SAN DIEGO (KGTV) -- The County of San Diego has spent nearly $2 million to support migrants after the federal government ended the Safe Release Program, according to county officials.
Flights carrying between 120 to 135 people are now flying from Texas to San Diego to relieve the processing backlog in the Rio Grande Valley sector in Texas. That sector is 200 percent over capacity, according to acting San Diego Border Patrol Chief Doug Harrison. So far, 10News has confirmed at least two flights have arrived in San Diego. It is not clear how many migrants, if any, will ultimately need county support. This latest round of migrants from Texas are first processed through Border Patrol before Immigration and Customs Enforcement takes over the processing. ICE told Team 10 custody is determined on a "case-by-case basis."
Organizations like the San Diego County Rapid Response Network along with the County have stepped in since the end of the Safe Release Program. The program provided asylum seekers resources like transportation until their scheduled immigration court appearance. In a federal lawsuit filed in April, the County blamed the federal government saying "the County has suffered" and the move has "unfairly shifted the... burdens to the County and its residents."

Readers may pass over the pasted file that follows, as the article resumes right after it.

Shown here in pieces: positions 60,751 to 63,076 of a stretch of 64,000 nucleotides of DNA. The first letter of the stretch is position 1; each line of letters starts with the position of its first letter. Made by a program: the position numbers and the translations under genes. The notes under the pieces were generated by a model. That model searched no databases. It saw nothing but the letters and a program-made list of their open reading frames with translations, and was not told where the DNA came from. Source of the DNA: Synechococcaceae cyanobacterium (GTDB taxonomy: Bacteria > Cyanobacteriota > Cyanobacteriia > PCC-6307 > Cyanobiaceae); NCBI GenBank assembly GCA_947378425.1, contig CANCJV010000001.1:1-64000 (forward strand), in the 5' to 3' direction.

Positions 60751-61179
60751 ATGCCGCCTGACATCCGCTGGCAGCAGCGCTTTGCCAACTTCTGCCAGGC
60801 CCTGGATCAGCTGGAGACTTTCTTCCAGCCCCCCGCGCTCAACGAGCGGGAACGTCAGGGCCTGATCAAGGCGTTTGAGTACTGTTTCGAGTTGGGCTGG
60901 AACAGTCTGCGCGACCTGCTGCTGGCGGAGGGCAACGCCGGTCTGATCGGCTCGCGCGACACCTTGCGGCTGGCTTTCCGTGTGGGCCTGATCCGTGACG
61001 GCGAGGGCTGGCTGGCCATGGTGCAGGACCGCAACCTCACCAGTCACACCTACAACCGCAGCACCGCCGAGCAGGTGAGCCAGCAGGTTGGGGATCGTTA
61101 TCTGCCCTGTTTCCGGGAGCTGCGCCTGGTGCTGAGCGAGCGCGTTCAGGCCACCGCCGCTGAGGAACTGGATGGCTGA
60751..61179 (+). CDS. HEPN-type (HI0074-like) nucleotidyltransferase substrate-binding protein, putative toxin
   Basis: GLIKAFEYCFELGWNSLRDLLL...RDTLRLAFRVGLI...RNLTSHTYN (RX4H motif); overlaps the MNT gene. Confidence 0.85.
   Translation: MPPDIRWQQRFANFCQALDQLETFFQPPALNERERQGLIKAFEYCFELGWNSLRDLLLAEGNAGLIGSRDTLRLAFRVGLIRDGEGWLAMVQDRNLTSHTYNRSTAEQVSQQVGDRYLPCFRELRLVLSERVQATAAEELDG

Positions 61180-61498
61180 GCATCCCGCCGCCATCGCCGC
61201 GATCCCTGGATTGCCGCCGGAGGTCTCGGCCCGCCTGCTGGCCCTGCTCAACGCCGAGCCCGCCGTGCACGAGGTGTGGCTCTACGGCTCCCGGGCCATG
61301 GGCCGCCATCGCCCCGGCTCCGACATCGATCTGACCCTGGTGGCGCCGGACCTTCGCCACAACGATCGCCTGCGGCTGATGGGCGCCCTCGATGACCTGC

Projected county costs for supporting migrant services totaled more than $1.65 million. That amount was through May 3rd. Here is the breakdown:
- $1,014,570 for contracted health services through UCSD
- $321,676 for Health and Human Services Agency staff salary/benefits
- $73,392 for County Department of General Services staff support
- $89,640 for interpreters
- $76,965 for contracted nurse
- $22,743 for County Public Safety Group's Office of Emergency Services staff support
- $13,045 for pharmaceuticals
- $41,103 for various supplies and equipment
As of late Monday afternoon, Supervisor Dianne Jacob said the latest amount is actually closer to $2 million. She released this statement to Team 10:
“I am deeply concerned that flying in hundreds of migrant families will put an even greater strain on San Diego non-profits, agencies and taxpayers. Immigration is clearly the responsibility of the federal government, but now it’s sticking San Diego County with the bill. Since the opening of an emergency shelter downtown in October, the county has had to spend nearly $2 million to screen and process some 14,000 asylum seekers. Local taxpayers should not be on the hook for this.”
It is unclear how long the migrant flights from Texas to San Diego will last.